On the other hand, the lack of it swells in the ranks of the unconscious humorists, who add so greatly to the gaiety of nations, whose ignorance is our bliss, and must be imputed to them some sort of righteousness. A gross unadorned mistake moves either our wrath or our pity or our contempt; but clothe it in motley, deck it out with incongruity, we smile and chuckle and howl, til wrath and pity flee, leaving us possessed of but one ululantic emotion.’
In the first howler extracted below, the child intended to refer to Geoffrey Chaucer, the father of English poetry. In the second, the child evidently means liver — though the description doesn’t exactly match. In the third, the child hedges their bets on duchess or doe, but is wrong on both counts.
8. Sunday Times, 16 October 1910, 28.
More cute than funny, these students provide some quaint definitions.
9. Hamilton Spectator, 7 June 1911, 4.
Sometimes, you need to think creatively to work out the source of a student’s confusion. Here, a boy shortened tomato to mato to get a martyr growing in the garden.
10. Mullumbimby Star, 28 August 1930, 3.
Two observations about this collection of howlers: Religion seems to be a topic that is disproportionately represented among school howlers, for whatever reason; and howlers can be an opportunity for people to learn, even native English speakers. For example, I didn’t know what a bier is until I read the boy’s description of Jesus touching the bear. The reference is to Luke 7:13-14: 'And he came and touched the bier [a movable frame on which a coffin is placed before burial] and they that bare him [the bearers] stood still. And he said, Young man, I say unto thee, Arise. And he that was dead sat up, and began to speak. And he delivered him to his mother.'
11. Lachlander and Condobolin and Western Districts Recorder, 8 March 1940, 2.
Most of the howlers in this collection are obvious, but not the last: the child meant pupa instead of pauper but what did they mean instead of cupid?
12. Scrutineer and Berrima District Press, 18 November 1908, 2.
Sometimes, student howlers conjure impossible and fantastic mental images — such as the earth leaping over the sun and a leopard not wanting to be stripped.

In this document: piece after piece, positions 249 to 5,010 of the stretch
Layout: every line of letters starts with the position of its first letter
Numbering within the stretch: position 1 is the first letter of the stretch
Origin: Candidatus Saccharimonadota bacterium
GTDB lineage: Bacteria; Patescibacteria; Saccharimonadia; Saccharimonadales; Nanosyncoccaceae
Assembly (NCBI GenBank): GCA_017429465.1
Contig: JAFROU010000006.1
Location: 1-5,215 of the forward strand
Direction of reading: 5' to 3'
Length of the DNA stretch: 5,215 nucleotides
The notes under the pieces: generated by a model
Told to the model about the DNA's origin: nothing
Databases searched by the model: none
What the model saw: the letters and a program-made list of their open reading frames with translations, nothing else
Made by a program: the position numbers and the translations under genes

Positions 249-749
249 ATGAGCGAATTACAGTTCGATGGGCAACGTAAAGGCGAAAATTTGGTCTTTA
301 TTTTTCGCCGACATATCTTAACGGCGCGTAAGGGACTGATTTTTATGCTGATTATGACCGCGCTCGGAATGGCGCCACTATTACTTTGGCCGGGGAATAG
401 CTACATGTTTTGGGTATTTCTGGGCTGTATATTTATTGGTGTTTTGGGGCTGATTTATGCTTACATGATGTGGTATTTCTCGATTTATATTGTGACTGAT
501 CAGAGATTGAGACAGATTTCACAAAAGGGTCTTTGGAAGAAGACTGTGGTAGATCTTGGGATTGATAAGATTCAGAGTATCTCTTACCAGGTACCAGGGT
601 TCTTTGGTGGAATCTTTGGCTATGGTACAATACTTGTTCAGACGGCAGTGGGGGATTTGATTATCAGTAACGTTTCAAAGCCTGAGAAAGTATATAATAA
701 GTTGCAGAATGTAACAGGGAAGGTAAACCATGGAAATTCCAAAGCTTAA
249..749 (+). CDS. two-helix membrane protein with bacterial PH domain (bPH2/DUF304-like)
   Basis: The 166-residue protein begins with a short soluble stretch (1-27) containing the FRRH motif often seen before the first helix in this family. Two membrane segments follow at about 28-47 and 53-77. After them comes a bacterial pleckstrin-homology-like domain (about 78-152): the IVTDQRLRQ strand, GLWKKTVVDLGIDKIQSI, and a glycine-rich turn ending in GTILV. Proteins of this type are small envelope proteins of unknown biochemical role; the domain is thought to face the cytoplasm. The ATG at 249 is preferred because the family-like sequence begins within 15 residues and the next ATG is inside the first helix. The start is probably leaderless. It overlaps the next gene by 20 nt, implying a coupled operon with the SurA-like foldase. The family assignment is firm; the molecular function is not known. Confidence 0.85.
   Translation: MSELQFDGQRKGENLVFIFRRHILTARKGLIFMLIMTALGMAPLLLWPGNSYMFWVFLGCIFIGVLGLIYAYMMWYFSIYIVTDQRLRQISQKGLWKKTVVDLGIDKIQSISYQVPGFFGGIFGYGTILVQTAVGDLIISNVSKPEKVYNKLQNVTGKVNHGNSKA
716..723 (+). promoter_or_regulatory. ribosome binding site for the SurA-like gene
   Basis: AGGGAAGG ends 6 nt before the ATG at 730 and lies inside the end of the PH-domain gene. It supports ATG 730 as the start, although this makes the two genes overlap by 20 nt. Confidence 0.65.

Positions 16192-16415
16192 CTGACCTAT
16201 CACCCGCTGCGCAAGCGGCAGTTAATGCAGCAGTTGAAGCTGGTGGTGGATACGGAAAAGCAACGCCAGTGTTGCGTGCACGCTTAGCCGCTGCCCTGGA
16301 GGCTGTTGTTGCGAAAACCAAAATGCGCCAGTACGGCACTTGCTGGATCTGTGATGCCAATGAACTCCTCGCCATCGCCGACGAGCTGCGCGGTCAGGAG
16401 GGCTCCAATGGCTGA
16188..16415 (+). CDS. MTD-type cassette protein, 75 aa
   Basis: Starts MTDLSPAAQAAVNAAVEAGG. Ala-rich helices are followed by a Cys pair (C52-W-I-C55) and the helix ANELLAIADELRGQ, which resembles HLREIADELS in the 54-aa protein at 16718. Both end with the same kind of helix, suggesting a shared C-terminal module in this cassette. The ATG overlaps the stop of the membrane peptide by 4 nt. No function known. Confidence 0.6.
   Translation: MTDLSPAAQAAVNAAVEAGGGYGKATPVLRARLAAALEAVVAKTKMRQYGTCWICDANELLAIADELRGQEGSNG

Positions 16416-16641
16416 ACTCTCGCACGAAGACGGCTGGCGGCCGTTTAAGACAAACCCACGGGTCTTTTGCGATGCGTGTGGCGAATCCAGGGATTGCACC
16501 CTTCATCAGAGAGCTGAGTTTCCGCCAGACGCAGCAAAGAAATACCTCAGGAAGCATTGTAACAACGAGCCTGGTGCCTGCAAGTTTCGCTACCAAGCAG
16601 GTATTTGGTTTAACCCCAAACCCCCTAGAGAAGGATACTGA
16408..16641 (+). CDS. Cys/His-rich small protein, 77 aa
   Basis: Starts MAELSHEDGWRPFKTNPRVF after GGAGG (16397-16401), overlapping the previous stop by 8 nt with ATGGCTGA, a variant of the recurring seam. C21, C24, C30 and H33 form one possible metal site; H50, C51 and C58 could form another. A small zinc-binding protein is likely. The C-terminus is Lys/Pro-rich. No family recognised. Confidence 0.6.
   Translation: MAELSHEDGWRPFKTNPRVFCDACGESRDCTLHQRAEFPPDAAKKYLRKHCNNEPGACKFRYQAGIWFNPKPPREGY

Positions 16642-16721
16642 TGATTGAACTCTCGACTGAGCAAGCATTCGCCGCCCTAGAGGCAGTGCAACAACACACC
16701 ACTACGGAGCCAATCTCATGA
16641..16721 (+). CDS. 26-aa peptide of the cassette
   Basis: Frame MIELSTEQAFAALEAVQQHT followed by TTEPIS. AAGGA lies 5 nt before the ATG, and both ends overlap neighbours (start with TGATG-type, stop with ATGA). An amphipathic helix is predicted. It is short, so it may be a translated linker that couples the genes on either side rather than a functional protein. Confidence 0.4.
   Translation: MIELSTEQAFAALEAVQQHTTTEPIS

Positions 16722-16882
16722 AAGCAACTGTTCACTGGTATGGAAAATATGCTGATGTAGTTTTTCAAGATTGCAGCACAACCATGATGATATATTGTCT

13. Grenfell Record and Lachlan District Advertiser, 2 January 1912, 6.
It’s not always the children who make unconsciously humorous blunders. In these examples, the parents have misspelled or misheard common physical ailments to invent their own: Haricot veins rather than varicose veins; new Roger and Real raw jaw rather than neuralgia; Piper’s dance rather than St Vitus’ dance; dumb demoniacks rather than double pneumonia; aneroids in the nose rather than adenoids; and so on. The person who recorded these complaints couldn’t solve wax and curnels, but the parent evidently meant waxing kernel (swollen lymph glands, especially in the groins of children).
14. Woomelang Sun and Lascelles and Ouyen Advocate, 9 June 1914, 3.
This is a great little collection of school howlers. My favourite misspellings are system for cistern and filleted for filtered. But, to me, the funniest howlers below are the answers to the question ‘Why are ships useful?’ Some of the kids’ answers are examples of very creative lateral thinking. Australia — or, rather, Orsetralia, even gets a mention.
15. Numurkah Leader, 9 February 1918, 4.
There were several attempts by school children at defining referendum. But this was by far the funniest — a referee dome:
16. Huon and Derwent Times, 30 June 1938, 2.
A small collection of howlers, most notable for Great Britain exporting exiles (compare textiles).
17. Northam Advertiser, 1 September 1950, 1.
Another small collection of school howlers. Hydrophobia is actually a fear of water. A fear of foreign hotels is xenodochiophobia. In the final example, hostage is meant to be ostrich.